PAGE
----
Ng said that the affordable senior housing units include studios and one- or two-bedroom apartments. Once the rooms are open for applying, all of them would be full soon.
Rents vary depending on an apartment’s size, an elder’s income and other factors, Ng said. For instance, the cheapest rent at Hong Ning Housing in Manhattan, where 98% of residents are Chinese seniors, is $100 a month.
On the rare occasion when a unit becomes available, from 5,000 to 10,000 seniors apply for it, Ng said.
To be eligible, Ng added, an applicant must be age 62 or older. A building’s management committee considers every applicant’s health condition, past living condition and income, including assets, such as property and stock. Qualified seniors are then interviewed, and often a lottery-type drawing is held to pull the names of those lucky enough to get available apartments. Sometimes, Ng noted, that may be only one person.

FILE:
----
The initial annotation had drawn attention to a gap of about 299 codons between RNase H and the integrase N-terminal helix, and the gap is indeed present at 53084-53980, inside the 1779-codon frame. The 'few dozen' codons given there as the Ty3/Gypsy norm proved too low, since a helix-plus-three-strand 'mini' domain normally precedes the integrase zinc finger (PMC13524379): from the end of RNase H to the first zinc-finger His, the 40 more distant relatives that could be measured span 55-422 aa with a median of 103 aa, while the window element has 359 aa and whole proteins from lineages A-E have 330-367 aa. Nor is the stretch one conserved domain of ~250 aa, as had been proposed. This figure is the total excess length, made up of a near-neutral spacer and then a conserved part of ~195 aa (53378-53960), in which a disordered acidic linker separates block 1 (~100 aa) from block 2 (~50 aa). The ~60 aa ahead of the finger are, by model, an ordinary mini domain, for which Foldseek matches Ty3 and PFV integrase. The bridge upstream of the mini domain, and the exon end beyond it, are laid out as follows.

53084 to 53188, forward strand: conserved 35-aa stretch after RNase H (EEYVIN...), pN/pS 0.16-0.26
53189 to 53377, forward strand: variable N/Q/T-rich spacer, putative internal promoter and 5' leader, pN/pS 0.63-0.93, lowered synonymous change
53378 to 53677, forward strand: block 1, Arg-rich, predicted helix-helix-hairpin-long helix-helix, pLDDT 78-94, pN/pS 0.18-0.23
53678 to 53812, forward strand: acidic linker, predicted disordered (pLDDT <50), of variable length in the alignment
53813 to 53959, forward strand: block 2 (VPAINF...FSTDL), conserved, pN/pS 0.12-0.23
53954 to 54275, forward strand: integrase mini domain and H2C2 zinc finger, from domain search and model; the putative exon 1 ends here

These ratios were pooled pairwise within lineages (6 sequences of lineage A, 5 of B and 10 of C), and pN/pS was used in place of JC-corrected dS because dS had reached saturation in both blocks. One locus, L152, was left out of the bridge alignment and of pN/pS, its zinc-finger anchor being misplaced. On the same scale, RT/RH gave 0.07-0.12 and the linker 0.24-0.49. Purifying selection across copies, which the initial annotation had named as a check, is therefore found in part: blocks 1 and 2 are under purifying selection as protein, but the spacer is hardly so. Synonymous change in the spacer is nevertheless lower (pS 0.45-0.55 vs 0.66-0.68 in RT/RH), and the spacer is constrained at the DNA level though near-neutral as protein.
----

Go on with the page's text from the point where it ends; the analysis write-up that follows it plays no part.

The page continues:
In Flushing and Manhattan’s Chinatown, most residents in affordable apartments are Chinese. For example, 98% of residents in Hong Ning Housing are Chinese seniors. Ng said, Chinese immigrants prefer to live in the environment they are familiar with, but this limits their choices.
Little Available Land
In New York’s Chinese communities, available land for such developments has diminished, some efforts to increase affordable housing in the city have encountered community resistance.
Driven by City Council Member Margaret Chin, New York City’s Housing Preservation and Development office announced last December that the city plans to convert the Elizabeth Street Garden to 121 affordable units for seniors.
But the proposal was soon opposed by the local community board, some elected officials and residents, who strongly objected that the city should not increase affordable housing by decreasing public open space. They suggested relocating the affordable housing project to another area.